Ankle splints are typically used for injuries that benefit from immobilization but do not require casting. Commercial immobilizer boots are an alternative where available. Unlike boots, most posterior ankle splints are not designed to bear weight or be removed and replaced (eg, for bathing).
Injuries (eg, open or unstable fractures, dislocation) requiring immediate operative intervention (for temporary immobilization)
Stable (eg, minimally displaced) fractures of the distal tibia and/or fibula (eg, minimally displaced fractures of the distal tibia and/or fibula)
Ankle sprains that should not bear weight
Reduced ankle dislocations
Selected foot fractures
Injuries (eg, certain mild sprains) in which immediate range of motion and/or weight-bearing is desirable
Injuries in which a cast is preferable*
* The indications for posterior splints and casts overlap (see also Overview of Fractures Treatment A fracture is a break in a bone. Most fractures result from a single, significant force applied to normal bone. In addition to fractures, musculoskeletal injuries include Joint dislocations... read more ). Even if casting is the definitive treatment, initial splinting is often recommended for some injuries until swelling subsides. For definitive management, a cast may be preferred when weight-bearing is permitted and when the ankle clearly must be immobilized for > 1 to 2 weeks. Conversely, immobilization boots may be preferred when continual immobilization is not required (eg, removal for bathing is permitted).
Thermal injury (caused by the exothermic reaction between plaster or fiberglass and water)
Excessive pressure causing skin sores and/or ischemic injury
Stockinette (enough to cover the area from above the fibular head to past the metatarsal heads)
Roll padding (eg, cotton roll) 10 cm (4 inch) width
Plaster or fiberglass splinting material*, 10- to 15-cm (4- to 6-inch) width—wide enough to cover posterior surface of leg and malleoli and long enough to reach from the fibular head to the metatarsal heads
Elastic bandage, usually 10-cm (4-inch) width
Lukewarm water and bucket or other container
* Fiberglass and plaster are usually supplied as single-layer rolls, but there are also commercially available rolls of pre-constructed splints that include multiple layers of fiberglass/plaster as well as padding.
For unstable ankle injuries, combining an ankle stirrup How To Apply a Sugar-Tong Ankle Splint Sugar-tong ankle splints are rigid devices that fix and maintain stability of the ankle joint. Sugar-tong ankle splints, also called U-shaped splints, are typically used for injuries that benefit... read more (sugar-tong splint) and posterior ankle splint can increase the stability of immobilization.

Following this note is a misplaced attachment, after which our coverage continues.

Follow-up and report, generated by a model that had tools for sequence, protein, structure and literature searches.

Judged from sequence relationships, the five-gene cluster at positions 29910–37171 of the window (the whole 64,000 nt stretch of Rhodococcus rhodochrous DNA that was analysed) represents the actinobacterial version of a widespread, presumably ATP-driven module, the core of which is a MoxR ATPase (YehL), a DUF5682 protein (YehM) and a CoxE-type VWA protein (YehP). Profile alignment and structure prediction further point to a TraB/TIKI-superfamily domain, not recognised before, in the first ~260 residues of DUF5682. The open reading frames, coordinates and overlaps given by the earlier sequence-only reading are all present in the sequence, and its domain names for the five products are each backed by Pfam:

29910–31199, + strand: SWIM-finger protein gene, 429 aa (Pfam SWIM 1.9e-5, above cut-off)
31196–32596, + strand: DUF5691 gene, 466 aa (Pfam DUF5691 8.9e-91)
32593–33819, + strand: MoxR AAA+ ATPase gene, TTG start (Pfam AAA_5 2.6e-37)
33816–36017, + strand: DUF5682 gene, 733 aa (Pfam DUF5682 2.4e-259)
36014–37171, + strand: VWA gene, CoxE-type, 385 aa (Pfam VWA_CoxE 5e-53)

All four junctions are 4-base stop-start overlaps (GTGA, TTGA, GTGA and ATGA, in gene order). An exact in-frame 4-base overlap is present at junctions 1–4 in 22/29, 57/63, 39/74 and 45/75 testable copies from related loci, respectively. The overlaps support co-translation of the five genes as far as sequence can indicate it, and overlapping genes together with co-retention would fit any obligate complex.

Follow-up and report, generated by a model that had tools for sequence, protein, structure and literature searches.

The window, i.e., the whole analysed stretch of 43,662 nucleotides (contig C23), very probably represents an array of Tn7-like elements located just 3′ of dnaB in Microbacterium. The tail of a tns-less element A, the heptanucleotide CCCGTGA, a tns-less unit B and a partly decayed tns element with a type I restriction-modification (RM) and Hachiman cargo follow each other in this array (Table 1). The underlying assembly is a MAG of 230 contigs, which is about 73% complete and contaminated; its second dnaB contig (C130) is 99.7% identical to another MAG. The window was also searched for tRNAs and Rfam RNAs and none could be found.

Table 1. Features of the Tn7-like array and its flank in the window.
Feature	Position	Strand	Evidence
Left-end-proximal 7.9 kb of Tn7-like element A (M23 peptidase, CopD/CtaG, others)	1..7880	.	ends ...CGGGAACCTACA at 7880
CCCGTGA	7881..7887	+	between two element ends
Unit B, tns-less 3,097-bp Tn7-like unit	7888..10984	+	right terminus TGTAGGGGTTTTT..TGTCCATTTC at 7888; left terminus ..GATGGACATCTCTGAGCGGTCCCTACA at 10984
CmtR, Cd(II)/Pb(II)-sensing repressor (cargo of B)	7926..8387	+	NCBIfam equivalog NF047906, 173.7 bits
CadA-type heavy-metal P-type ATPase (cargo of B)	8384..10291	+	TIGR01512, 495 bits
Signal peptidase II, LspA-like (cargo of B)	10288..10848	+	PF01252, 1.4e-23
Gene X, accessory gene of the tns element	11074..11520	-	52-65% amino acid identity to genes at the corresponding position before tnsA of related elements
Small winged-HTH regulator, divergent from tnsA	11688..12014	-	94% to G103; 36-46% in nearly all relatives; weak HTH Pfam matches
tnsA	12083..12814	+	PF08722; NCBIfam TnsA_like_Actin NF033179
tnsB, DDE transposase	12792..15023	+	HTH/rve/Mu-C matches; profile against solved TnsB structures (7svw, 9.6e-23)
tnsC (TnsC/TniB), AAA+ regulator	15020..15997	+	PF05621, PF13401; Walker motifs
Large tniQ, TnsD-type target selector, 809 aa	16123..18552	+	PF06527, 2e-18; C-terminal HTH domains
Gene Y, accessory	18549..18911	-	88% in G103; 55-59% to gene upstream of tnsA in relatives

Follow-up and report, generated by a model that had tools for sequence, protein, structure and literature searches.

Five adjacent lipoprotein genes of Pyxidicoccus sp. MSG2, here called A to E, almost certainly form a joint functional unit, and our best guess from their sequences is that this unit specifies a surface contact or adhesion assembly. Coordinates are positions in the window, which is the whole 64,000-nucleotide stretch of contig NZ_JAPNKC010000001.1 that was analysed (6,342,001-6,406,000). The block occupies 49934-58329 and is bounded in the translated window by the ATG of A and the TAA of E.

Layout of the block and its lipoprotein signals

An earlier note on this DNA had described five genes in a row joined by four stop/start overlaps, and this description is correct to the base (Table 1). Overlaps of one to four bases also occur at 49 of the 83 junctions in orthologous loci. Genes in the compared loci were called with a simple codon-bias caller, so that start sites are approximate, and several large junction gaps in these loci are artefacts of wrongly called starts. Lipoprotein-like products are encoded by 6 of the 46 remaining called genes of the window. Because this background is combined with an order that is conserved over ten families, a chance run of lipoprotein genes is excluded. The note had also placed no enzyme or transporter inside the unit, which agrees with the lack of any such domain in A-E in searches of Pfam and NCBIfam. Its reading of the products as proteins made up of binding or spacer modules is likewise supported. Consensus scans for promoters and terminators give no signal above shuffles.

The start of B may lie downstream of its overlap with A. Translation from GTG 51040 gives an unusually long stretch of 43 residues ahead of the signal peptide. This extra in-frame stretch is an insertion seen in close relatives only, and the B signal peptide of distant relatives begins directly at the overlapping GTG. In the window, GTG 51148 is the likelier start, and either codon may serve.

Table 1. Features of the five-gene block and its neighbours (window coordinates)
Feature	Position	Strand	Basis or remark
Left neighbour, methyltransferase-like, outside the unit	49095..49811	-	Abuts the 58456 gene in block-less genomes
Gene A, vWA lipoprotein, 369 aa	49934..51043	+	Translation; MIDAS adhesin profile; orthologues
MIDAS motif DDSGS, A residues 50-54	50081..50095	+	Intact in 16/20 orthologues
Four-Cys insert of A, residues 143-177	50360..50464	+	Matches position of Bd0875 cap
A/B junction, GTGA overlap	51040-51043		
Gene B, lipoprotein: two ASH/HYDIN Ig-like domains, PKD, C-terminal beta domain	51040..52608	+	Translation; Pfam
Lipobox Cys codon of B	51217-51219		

A posterior leg splint used to immobilize an Achilles tendon rupture should place the ankle in the equine position.
Any open wounds should be treated and covered appropriately prior to application of the knee immobilizer.
The splint should cover the length of most of the lower leg and reach the metatarsal heads.
Bones of the ankle and foot
The patient should lie prone with the knee flexed or sit with the lower leg dangling over the edge of the bed.
Maintain the ankle at 90° of flexion.
Step-by-Step Description of Procedure
Wear nonsterile gloves.
Give the patient adequate analgesia.
Apply stockinette, covering the area from the fibular head to the midfoot, past the metatarsal heads.
Wrap the padding from the metatarsal heads to the lower leg just proximal to the fibular head, slightly beyond the area to be covered by the splint material; overlap each turn by half the width of the padding and periodically tear the wrapping across its width to decrease the risk of tissue compression.
Smooth the padding as necessary.
Lay out a length of splint material matching the distance from the posterior lower leg just below the fibular head to the plantar surface of the foot at the metatarsal heads—it should be just shorter than the area covered by the padding.
Unroll additional splint material, folding it back and forth along the first length until there are 8 to 10 layers (when using single-layer rolls).
Alternatively, if using ready-made splint material, cut a single piece to the above length.
Immerse the splinting material in lukewarm water.
Squeeze excess water from the splinting material (do not wring out plaster).
Apply the splint material to the back of the leg from just below the fibular head to the metatarsal heads.
Smooth out the splinting material using your palms rather than your fingertips to conform to the contour of the lower leg and ankle and fill in the interstices in the material.
Wrap the elastic wrap over the splinting material distally to proximally and overlap each revolution by half the width of the elastic wrap.
Fold the extra stockinette and cotton padding over the edges of the splinting material.
Maintain the ankle at 90° of flexion until the splinting material hardens.
Check distal neurovascular status (eg, capillary refill, distal sensation, toe flexion and extension).
Provide crutches and training in their use.
Advise the patient to keep the splint dry.
Arrange or recommend appropriate follow-up.
Have the patient elevate the injured limb above the heart while seated or at rest.
Have the patient seek care if pain is not controlled by oral drugs at home.
Warnings and Common Errors
Be sure not to let the ankle joint relax while the splint hardens so that the 90° flexion angle is lost.
Ensure padding and elastic wraps are not applied too tightly.
Avoid irregular contours and potential pressure spots by using the palms of your hands rather than the fingertips to smooth out the splinting material.
Tips and Tricks
Warm water makes plaster set quicker, so if you are unfamiliar with applying splints use cooler water to increase your working time.
To maintain the ankle at 90°, the foot may be supported against the operator's abdomen while the patient is lying down.